Having trained as a chartered surveyor in Wales, Gail Lewis is used to discussing entry, exits and expansion in the agricultural industry.
A personal interest in the subject, coupled with professional experiences at work, she was further driven by an outcome for one particular client after becoming involved with the letting of a farm holding on a Farm Business Tenancy.
The clients had initially stated they wished to let the farm to a young farmer but, although young farmers were shortlisted for interview, an existing farmer secured the tenancy as the young farmers were not felt to have enough financial stability and experience.
She says: “I was so disappointed. I began to wonder what other mechanisms were available to young farmers to gain entry into the agricultural industry.”
Witnessing other existing farmers looking to remain in farming but with no available successors, she was inspired to investigate what land tenure options were available to safeguard the industry for the future.
In 2014, Gail successfully applied for a Nuffield farming scholarship, which saw her travel to southern Ireland, Australia, New Zealand, Brazil and around the UK, to investigate the strengths and weaknesses of current land tenure options to understand what choices could be available in the UK.
Planning her trip, she began by researching her topic in Australia and New Zealand, looking for papers, speakers and case studies.
“The Nuffield Trust also has a vast diary of scholars and I also called upon a number of them who provided me with a bed, lent me vehicles, talked to me about my subject and introduced me to their friends and neighbours.”
"I thought the crux to my subject would solely be about the various land tenure models but I was wrong" - Gail Lewis
What Gail discovered throughout her travels was the opposite of what she believed she might find. “I thought the crux to my subject would solely be about the various land tenure models but I was wrong.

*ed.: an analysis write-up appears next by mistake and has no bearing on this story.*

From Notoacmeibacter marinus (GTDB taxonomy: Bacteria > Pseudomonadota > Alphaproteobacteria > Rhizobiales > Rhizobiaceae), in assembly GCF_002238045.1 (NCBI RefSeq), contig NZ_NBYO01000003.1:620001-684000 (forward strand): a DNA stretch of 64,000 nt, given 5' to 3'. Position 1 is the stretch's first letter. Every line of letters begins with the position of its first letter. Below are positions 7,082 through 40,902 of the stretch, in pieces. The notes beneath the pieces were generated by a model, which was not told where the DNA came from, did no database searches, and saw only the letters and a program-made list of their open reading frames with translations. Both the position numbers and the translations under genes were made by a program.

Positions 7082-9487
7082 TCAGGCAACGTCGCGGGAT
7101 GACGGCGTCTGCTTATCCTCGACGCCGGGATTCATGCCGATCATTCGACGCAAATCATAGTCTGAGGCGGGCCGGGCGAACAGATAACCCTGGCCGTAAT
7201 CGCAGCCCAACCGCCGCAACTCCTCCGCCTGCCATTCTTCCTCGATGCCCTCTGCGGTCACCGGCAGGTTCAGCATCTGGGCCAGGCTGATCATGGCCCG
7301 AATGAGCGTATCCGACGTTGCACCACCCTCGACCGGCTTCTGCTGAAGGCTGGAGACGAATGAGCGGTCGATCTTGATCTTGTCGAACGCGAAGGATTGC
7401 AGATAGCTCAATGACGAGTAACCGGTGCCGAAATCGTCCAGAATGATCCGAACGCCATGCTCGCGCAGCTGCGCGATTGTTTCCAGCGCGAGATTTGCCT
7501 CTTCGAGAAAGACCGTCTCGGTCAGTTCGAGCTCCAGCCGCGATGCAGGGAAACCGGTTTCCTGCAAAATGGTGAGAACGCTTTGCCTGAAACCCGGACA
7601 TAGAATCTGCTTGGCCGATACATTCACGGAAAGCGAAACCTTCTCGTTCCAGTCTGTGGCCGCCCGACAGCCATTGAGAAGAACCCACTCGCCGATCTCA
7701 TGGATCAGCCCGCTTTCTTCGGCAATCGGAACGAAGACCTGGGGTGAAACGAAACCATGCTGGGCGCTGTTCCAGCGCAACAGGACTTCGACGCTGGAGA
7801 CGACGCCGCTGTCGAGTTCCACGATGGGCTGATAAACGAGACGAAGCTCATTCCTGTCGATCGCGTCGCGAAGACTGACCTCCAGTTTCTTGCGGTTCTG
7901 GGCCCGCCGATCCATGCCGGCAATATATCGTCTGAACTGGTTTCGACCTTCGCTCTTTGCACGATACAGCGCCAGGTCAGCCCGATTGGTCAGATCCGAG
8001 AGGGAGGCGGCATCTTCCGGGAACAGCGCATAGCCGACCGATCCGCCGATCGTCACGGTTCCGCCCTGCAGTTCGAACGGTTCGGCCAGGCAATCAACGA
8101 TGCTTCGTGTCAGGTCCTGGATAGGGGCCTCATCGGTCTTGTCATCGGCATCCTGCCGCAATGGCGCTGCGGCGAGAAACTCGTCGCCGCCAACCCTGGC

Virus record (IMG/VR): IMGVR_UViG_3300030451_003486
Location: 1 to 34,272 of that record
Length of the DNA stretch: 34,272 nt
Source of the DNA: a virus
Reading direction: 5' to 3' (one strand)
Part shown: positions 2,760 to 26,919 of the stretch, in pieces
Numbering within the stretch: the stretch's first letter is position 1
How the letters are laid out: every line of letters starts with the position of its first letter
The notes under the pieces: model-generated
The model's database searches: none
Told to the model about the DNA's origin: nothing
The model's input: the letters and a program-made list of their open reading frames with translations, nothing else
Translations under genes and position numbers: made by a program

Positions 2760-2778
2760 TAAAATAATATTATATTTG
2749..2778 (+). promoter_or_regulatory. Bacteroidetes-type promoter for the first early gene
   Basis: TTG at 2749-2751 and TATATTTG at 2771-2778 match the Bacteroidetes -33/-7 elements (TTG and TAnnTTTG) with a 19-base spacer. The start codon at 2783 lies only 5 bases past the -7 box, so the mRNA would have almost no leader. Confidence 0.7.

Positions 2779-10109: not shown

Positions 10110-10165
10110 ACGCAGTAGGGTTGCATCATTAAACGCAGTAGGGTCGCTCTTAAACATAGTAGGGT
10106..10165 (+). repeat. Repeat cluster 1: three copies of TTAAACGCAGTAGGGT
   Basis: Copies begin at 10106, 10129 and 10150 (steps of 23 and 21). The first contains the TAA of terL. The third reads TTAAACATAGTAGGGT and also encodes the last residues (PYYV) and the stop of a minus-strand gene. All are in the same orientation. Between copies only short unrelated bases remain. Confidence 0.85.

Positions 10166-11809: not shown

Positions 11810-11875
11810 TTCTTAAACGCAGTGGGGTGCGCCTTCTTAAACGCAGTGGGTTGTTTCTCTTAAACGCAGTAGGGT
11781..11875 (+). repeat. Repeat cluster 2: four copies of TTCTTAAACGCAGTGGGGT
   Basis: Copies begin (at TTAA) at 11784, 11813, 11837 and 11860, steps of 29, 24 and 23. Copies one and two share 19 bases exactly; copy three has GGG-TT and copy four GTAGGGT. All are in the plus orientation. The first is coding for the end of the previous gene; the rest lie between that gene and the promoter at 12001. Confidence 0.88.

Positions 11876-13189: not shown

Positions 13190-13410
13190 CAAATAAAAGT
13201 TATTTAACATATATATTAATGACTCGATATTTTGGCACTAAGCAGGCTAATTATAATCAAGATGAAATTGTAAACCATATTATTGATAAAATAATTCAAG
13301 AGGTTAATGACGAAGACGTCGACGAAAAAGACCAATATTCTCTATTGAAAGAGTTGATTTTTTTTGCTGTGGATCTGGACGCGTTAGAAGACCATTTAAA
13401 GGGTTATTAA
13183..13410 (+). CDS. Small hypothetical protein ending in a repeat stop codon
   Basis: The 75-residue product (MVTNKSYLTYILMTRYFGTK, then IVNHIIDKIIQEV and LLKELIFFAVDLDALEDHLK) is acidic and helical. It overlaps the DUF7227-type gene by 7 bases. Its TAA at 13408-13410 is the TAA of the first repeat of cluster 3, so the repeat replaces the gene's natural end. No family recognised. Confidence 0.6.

“My subject base is land tenure but it must also be considered in line with succession, relationships and communication.
“I realised joint ventures alongside traditional ownership and leasehold were key to allow farmers to expand, diversify, and reduce costs to become more competitive, while they also provided an opportunity for those who wish to start in the industry.”
Such tenure models include share-farming, contract farming, contract heifer rearing, lease of heifers, co-operatives, equity partnerships and syndications.
“People are vital to any successful land tenure model adopted and the relationship between the parties is the key to success. The business is important but to ensure success and avoid failure, it is vital the relationships are concentrated on; they are the key.”
“Any person who wishes to undertake a joint venture must be aware of who they are, what their strengths and weaknesses are and be willing to compromise to ensure success. In any land tenure model, the biggest weakness and most common factor of failure is the relationship.
“A strong relationship which is reviewed and developed can also be the biggest strength, seeing business relationships proper and develop. Trust and communication are the two main ingredients to a successful joint venture.”
Citing New Zealand as the most inspiring country she visited, she also discovered other surprising initiatives closer to home.
“Each and every country was inspiring in its own way. In Brazil I saw many opportunities and vast scale, coupled with many challenges. In Ireland I witnessed a clear understanding and drive towards linking together the current generation and the next generation with the establishment of the Land Mobility Service, which aims to link together the current farmer and the next generation.